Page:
It’s not the oldest Classic, that’s Liege-Bastogne-Liege which was first run in 1894. It’s not the physically most demanding Classic; that’s Paris-Roubaix and the pave or perhaps Flanders with the bergs and pave – but at almost 300 kilometres, Milan – Sanremo is the first, longest and most beautiful of the ‘Monuments’.
With so many kilometers in Milan Sanremo there’s plenty of time for spectators to admire the great scenery on offer.
The ‘Monuments’ are the four races already mentioned plus the late season Tour of Lombardy; these five events form the very DNA of the sport. The “Primavera” – Italian for ‘Spring Time’ – starts in the chill and grey of industrial Milan and heads south across the wide plains and coastal hills to the sea and (usually) sunny Sanremo with it’s flowers, faded grand hotels, casinos and jazz.
PEZ’s resident cycling sage and Nostradamus incarnate, Viktor says that the race should run from the foot of the Poggio to the finish – that would save a lot of time. But despite his huge wisdom he has it wrong on this one; it wouldn’t be Milan – Sanremo without those first 290 K before the Poggio, the final, and usually defining ascent on the fringes of Sanremo. But before those aesthetically unimpressive, big ringed but crucial 3,700 metres over the Poggio there’s a lot of ground to cover.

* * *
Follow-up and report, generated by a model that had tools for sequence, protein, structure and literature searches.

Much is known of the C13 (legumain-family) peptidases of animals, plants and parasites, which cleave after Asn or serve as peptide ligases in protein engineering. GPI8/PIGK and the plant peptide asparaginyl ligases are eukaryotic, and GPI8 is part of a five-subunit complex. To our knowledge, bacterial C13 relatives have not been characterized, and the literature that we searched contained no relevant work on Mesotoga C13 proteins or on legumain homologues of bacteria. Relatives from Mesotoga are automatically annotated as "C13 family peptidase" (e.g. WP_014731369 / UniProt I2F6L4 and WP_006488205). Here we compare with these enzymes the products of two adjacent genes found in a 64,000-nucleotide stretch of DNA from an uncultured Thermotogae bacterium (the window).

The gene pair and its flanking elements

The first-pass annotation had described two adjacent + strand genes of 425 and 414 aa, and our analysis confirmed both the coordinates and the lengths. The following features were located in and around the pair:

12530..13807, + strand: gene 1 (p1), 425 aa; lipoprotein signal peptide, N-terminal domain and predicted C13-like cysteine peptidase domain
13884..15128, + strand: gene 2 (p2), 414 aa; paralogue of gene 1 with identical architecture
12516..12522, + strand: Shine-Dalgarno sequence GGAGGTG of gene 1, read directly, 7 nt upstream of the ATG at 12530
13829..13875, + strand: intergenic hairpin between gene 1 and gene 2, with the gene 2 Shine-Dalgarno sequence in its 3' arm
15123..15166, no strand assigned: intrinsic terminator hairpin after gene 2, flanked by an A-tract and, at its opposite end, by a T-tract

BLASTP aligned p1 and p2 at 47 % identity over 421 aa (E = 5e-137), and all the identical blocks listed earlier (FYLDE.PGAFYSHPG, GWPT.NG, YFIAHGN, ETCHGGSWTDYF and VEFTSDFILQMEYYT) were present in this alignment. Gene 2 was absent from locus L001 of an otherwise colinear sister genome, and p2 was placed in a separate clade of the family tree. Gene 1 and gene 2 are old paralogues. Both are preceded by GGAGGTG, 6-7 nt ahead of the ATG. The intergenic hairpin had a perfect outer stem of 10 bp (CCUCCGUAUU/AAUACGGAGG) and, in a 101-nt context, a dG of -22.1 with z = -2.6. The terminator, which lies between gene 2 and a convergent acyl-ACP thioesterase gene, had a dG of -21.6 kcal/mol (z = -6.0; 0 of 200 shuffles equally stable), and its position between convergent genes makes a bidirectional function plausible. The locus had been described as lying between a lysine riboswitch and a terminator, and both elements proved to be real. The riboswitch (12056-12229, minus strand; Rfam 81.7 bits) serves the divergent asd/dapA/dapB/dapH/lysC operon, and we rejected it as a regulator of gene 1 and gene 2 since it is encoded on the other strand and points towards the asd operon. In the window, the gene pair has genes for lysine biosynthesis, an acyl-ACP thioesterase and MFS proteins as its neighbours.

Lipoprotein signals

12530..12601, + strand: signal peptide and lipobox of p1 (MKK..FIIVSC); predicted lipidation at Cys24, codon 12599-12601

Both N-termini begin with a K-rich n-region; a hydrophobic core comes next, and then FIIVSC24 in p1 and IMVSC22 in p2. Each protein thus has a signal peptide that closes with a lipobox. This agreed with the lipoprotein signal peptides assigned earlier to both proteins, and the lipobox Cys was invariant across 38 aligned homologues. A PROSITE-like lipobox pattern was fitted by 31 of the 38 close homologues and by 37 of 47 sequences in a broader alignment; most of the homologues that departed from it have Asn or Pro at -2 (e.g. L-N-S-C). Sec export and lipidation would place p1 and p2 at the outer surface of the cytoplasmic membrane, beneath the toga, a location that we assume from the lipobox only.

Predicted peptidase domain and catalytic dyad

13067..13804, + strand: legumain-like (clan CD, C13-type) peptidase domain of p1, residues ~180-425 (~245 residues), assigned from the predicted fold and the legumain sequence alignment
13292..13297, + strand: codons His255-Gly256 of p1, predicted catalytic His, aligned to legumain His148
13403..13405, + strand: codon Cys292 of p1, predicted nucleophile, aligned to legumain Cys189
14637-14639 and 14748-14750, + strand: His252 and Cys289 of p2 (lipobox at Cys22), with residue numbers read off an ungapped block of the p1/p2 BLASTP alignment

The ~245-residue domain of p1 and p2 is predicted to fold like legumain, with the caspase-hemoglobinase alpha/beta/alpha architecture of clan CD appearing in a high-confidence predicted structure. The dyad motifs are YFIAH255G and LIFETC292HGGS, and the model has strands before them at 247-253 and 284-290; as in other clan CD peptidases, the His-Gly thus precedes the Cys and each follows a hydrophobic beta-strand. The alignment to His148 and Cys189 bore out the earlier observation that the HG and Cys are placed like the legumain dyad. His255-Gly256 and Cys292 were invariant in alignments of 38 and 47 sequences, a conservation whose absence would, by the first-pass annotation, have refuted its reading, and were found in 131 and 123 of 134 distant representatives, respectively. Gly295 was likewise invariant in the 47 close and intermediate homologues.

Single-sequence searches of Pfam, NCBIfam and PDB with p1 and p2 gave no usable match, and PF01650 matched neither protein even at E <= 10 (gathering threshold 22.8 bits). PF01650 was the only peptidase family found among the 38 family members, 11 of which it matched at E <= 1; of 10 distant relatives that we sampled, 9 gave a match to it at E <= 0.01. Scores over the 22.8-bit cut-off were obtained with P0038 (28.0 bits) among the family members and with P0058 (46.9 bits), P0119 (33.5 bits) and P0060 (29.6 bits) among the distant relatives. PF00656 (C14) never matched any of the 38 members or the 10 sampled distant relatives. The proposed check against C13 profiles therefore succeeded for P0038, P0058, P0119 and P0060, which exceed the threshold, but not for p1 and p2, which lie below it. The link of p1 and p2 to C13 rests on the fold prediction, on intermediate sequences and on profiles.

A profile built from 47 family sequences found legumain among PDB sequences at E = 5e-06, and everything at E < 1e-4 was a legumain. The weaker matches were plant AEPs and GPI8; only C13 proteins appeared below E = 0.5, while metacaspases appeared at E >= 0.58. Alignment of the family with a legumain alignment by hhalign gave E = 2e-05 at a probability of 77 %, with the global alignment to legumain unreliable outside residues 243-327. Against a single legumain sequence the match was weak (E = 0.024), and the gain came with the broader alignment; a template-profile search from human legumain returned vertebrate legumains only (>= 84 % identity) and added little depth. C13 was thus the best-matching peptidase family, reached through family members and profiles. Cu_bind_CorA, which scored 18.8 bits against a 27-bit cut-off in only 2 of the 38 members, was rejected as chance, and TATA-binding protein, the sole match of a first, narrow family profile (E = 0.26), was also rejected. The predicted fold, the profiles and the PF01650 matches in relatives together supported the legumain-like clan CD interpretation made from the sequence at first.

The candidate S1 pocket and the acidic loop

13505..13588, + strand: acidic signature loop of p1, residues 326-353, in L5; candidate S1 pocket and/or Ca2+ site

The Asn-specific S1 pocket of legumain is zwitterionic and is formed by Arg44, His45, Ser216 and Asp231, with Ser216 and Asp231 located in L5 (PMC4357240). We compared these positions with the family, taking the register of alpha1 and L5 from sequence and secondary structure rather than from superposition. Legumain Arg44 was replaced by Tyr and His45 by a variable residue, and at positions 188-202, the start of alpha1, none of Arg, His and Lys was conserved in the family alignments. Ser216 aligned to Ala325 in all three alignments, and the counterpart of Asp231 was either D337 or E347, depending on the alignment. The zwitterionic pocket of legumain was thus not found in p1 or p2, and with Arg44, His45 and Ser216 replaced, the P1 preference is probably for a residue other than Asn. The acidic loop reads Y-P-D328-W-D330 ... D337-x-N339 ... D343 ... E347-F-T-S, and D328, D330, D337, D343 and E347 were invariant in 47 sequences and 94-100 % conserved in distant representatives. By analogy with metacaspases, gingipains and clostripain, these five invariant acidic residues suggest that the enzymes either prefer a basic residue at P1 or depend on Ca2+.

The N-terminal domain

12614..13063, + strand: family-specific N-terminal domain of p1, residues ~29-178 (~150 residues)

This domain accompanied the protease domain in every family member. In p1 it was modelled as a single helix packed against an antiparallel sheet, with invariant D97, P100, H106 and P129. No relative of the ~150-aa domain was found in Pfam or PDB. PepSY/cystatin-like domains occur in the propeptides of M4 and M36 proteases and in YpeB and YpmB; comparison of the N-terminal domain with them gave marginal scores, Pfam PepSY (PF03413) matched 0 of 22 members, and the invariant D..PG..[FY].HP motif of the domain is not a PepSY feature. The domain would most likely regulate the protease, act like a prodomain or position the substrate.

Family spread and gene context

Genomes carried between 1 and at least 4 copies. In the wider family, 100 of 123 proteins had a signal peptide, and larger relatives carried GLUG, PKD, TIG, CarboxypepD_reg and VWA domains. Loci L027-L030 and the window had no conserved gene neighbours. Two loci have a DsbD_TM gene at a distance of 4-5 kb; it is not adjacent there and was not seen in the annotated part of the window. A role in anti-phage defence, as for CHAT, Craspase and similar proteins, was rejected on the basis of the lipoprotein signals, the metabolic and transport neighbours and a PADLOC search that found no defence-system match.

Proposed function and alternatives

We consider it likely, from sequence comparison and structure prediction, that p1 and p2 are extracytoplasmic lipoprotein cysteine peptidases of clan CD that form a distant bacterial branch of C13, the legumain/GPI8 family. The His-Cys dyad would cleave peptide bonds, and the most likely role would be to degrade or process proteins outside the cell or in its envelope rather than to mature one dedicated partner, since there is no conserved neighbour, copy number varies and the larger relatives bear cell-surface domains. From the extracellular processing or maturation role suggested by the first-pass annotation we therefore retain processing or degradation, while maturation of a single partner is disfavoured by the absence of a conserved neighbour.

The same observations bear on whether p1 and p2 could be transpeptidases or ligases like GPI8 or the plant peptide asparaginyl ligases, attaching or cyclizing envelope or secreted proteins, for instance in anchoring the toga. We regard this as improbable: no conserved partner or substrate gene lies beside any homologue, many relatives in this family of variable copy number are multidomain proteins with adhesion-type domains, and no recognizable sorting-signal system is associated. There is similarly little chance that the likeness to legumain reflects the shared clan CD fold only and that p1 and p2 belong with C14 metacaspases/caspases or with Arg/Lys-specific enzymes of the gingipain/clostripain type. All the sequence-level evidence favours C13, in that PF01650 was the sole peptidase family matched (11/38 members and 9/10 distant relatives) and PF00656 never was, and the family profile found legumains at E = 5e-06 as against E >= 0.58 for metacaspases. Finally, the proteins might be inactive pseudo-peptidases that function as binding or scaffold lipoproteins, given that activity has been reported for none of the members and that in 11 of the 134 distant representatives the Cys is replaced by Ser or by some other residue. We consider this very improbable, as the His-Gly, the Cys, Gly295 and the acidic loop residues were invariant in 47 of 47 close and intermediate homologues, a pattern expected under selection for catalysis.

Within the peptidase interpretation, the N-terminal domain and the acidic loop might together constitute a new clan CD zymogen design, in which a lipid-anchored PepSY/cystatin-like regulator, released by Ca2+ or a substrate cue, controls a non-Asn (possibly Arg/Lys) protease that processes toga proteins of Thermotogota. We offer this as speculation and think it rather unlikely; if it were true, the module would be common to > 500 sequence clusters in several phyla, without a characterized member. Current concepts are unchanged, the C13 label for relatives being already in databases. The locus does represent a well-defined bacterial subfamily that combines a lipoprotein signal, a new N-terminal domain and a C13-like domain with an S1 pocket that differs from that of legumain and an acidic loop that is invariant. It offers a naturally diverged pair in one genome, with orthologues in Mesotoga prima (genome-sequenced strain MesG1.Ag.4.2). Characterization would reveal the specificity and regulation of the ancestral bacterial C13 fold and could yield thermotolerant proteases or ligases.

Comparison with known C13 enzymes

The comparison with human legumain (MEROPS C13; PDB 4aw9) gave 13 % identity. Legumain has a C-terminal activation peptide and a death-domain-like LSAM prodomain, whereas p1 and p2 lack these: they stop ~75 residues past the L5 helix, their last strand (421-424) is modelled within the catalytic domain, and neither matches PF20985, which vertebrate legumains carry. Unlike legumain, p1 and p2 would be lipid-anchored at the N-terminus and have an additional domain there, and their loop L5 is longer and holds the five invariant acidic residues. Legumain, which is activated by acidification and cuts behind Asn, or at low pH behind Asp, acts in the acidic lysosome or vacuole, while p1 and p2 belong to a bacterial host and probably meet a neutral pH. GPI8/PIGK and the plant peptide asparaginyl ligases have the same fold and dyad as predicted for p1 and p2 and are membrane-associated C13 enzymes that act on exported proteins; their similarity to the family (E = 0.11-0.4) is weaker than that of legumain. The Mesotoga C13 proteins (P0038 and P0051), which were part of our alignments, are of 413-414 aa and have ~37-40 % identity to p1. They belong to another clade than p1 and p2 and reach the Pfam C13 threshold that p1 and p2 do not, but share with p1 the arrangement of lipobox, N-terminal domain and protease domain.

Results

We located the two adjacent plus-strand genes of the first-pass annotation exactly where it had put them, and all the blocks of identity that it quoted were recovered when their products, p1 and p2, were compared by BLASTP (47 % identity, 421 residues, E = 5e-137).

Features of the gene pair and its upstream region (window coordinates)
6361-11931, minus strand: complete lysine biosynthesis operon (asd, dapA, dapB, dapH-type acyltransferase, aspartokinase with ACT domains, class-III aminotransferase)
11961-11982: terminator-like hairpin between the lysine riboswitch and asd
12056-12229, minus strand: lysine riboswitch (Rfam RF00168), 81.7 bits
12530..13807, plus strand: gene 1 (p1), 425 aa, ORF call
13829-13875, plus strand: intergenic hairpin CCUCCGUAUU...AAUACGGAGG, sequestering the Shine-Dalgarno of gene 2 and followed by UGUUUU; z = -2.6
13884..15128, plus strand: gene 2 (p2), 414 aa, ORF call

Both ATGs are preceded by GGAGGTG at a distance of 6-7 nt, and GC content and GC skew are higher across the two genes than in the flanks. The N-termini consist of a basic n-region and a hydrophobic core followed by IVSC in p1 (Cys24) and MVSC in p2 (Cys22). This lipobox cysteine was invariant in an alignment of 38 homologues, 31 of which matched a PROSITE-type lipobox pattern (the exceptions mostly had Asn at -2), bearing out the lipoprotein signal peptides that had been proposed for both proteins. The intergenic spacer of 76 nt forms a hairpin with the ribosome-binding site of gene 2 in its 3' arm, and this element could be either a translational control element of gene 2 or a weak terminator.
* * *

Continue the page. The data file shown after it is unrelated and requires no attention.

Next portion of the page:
The new, ‘old’ parcours of the 2014 Milan Sanremo
The plains of Lombardy will see the inevitable early break spell through towns and villages where everyone from new born infants to great grandmothers will be roadside – it’s tradition. The Turchino Pass comes at half distance and the peloton and a flagging break ascend the coastal range before dropping like stones to west of Genoa and picking up the coast road along the glorious Ligurian Riviera.
The typical early break makes its way through the spectacular countryside in 2012
There’s no La Manie climb this year – a savage beast climbed soon after the coast road was joined and which did for Cav the other year; the ascent was dropped in favour of the even tougher Pompeiana climb which was to come much later in the day but has been left out due to the danger of landslides. If you’re a sad old purist like me this news was greeted with much relief – what we have for 2014 is the one which we’ve grown up with and love, almost identical to the 2007 and ‘original’ parcours. Where the sprinters should win; but don’t always – more of that later.
The last acts begin on the three Capi, a trio of small rises on the coast road; Mele, Cervo and Berta – you hardly notice them in a car, but at 240 K in and with Stijn Vandenbergh leading the peloton then they hurt, bad. The Cipressa comes at 270 K and it’s a real hill – the scene of Mario Cipollini’s demise on more than one occasion. There are 10 K to go when the survivors bank right off the coast road and head on to the Poggio . . .